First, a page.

This interview was conducted in August – September of 2020
Situation before the port of Beirut explosion of August 2020
Before the explosion, Lebanon experienced a severe economic downturn, including a sovereign debt crisis, and beginning in October 2019, massive social unrest detonated by high unemployment, opposition to the sectarianism of the post-Taif order, corruption, lack of basic services, and planned taxes on gas, tobacco, and WhatsApp calls. Could you begin by talking in general terms about the “crisis before the crisis,” i.e., the pre-explosion crisis?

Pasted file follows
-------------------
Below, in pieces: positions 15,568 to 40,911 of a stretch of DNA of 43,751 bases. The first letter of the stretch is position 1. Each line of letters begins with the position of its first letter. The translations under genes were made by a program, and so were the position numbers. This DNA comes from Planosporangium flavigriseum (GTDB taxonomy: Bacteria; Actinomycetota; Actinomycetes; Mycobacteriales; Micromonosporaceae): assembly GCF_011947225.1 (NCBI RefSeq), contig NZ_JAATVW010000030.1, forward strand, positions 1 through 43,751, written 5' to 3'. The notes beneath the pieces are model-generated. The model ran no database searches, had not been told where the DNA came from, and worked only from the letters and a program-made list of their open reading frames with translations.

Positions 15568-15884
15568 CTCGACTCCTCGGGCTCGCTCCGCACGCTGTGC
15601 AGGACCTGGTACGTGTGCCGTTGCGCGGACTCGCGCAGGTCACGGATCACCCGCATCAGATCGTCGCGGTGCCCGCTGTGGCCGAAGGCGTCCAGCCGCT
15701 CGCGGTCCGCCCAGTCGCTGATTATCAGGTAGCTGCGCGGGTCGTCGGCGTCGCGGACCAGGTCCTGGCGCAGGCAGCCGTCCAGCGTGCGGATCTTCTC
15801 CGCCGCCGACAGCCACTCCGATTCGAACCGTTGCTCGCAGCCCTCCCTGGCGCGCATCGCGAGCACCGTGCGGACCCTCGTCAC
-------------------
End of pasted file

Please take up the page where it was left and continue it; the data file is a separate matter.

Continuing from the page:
The structure of the Lebanese economic system is one that is prone to crises. The prominent features of Lebanon’s current economic crisis can be traced back to before the civil war. Historically, the Lebanese economic system has endured a reoccurring balance of trade deficit, whereby its imports are greater than its exports—but this deficit alone does not cause crises like the one Lebanon is experiencing today. Lebanon’s deficit has long been compensated for by tourism, remittances (which finance the consumption of resident families and has historically been a critical vehicle for economic growth), and the inflow of capital and foreign investment concentrated in real estate and banks. These investments are particularly attractive in Lebanon due to the country’s banking secrecy laws that date back to 1956. In fact, in the past, tourism, remittances, and capital inflow have generally led to surpluses rather than deficits in the balance of payments. While Lebanon’s service sector has made up the majority of the country’s GDP (over 70% in 1974, a year before the civil war, and 83% in 2018), the country lacks productive industry. Following the civil war, the government’s debts–borrowed under the pretext of reconstruction–were siphoned off by warlords (as per PM Rafic al-Hariri’s infamous quote: “We had to buy civil peace with money”), embezzled, and invested in mega-real estate projects, basic infrastructure. Since then, servicing this debt (which was borrowed at a 30-40% interest rate at the time) has continued to hinder the development of the country’s productive capacity. In Lebanon, exports of goods and services comprise less than 5% of total output (2018), and its wages and agricultural and industrial industries–apart from construction, electricity, and water–have atrophied and have never majorly contributed to the country’s GDP.